HC Deb 17 July 1856 vol 143 cc1005-6

Order for Committee read.

Motion made, and Question proposed, "That Mr. Speaker do now leave the chair."


said, that one effect of pasing the Bill might be to interfere between the Master of the Rolls in Ireland and Mr. James Sadleir, whose effects had, he understood, been seized on their way to furnish a villa at some place unknown. It was contrary to all sound principle to enact a law to meet such a case as that of the Tipperary Bank. It was his belief that it was a measure introduced for a particular purpose, and he was of opinion that it was calculated unfairly to prejudice the interests of the smaller class of farmers who had been made the victims of the unparalleled frauds of the Sadleirs in the case of the Tipperary Bank, for those men would probably know nothing of the person who was to be allowed as their representative, to dispose as he might please of their rights. He should move that the House resolve itself into a Committee on the Bill on that day three months.

Amendment proposed, to leave out from the word "That" to the end of the Question, in order to add the words "this House will, upon this day three months, resolve itself into the said Committee" instead thereof.


said, he could deny that the object of the Bill was to enable the shareholders of the bank to avoid the payment of their debts; its object was, in fact, the very reverse. The truth was, that a vast number of actions had already been commenced, and if the Bill were rejected all the assets would be swallowed up in law expenses. The carrying out of the provisions would be dependent on the Master of the Rolls in Ireland, whom the hon. and learned Gentleman had so much and so justly lauded. He regretted that the hon. and learned Gentleman had so little confidence in the tribunals of his own country. Unless he (Mr. Malins) had known that the Bill was one for the benefit of the creditors—3,000 in number—he would have had nothing to do with it. The simple object of the Bill was to enable shareholders who had property to make a surrender of it, and then to obtain a discharge.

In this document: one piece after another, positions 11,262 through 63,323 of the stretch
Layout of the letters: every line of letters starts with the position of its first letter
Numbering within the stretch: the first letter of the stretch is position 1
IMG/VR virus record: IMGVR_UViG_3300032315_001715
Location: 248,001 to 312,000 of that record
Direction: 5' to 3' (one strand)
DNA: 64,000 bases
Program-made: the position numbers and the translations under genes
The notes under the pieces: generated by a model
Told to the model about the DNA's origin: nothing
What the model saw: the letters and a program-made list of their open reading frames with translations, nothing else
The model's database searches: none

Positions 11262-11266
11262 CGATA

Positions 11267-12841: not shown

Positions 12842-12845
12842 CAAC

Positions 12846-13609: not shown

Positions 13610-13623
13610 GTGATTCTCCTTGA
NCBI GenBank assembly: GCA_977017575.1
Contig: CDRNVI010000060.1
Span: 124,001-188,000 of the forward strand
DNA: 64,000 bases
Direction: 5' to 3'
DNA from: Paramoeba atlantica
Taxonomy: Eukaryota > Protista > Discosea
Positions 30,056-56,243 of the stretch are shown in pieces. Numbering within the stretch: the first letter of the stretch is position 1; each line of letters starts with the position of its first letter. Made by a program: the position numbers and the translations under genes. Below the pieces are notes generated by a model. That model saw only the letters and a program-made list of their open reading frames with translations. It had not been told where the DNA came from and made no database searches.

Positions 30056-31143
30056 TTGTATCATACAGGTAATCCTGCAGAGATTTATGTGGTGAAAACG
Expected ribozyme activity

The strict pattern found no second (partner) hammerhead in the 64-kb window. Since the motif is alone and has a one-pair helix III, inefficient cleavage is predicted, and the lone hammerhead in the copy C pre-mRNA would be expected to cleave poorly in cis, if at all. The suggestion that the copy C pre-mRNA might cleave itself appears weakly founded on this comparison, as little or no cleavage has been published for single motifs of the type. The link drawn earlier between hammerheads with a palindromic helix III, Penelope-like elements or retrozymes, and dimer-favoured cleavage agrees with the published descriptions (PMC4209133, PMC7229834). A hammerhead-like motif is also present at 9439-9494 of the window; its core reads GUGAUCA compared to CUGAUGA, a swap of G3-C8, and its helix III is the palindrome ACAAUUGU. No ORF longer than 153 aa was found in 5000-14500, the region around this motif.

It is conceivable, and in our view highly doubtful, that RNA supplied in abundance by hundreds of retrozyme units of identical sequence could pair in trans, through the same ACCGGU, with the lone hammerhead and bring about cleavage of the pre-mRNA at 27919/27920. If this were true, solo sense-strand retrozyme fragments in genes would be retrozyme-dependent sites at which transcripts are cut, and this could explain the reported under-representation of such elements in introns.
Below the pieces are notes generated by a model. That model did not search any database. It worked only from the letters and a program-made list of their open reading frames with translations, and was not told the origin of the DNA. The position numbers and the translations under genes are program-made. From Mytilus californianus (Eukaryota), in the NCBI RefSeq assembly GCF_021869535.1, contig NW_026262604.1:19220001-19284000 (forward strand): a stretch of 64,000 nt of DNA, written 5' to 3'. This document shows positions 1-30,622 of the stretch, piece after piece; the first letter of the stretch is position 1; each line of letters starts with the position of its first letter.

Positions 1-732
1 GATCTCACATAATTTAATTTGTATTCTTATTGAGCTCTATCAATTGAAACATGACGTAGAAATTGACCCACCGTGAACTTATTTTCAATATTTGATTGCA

said, although the hon. and learned Gentleman (Mr. Malins) represented the Bill as a creditors' Bill, it was remarkable that it did not give the creditors any hold on the property of their debtors. The effect of passing the Bill would be, that the creditors would be induced to accept a small dividend, and very soon parties who had declared that they had next to nothing would hold up their heads again, and appear as well off as ever. He was strongly opposed to the measure, and he thought it most ill judged, in the midst of a gigantic swindle, such as that which had just been perpetrated in Ireland, to step in, and by a legislative enactment, reverse the position of the parties.

Question put, "That the words proposed to be left out stand part of the Question."

The House divided:—Ayes 31; Noes 40: Majority 9.

Words added.

Main Question, as amended, put, and agreed to.

Bill put off for three months.

Notice taken, that Forty Members were not present; House counted; and Forty Members not being present,

The House was adjourned at a quarter before Three o'clock.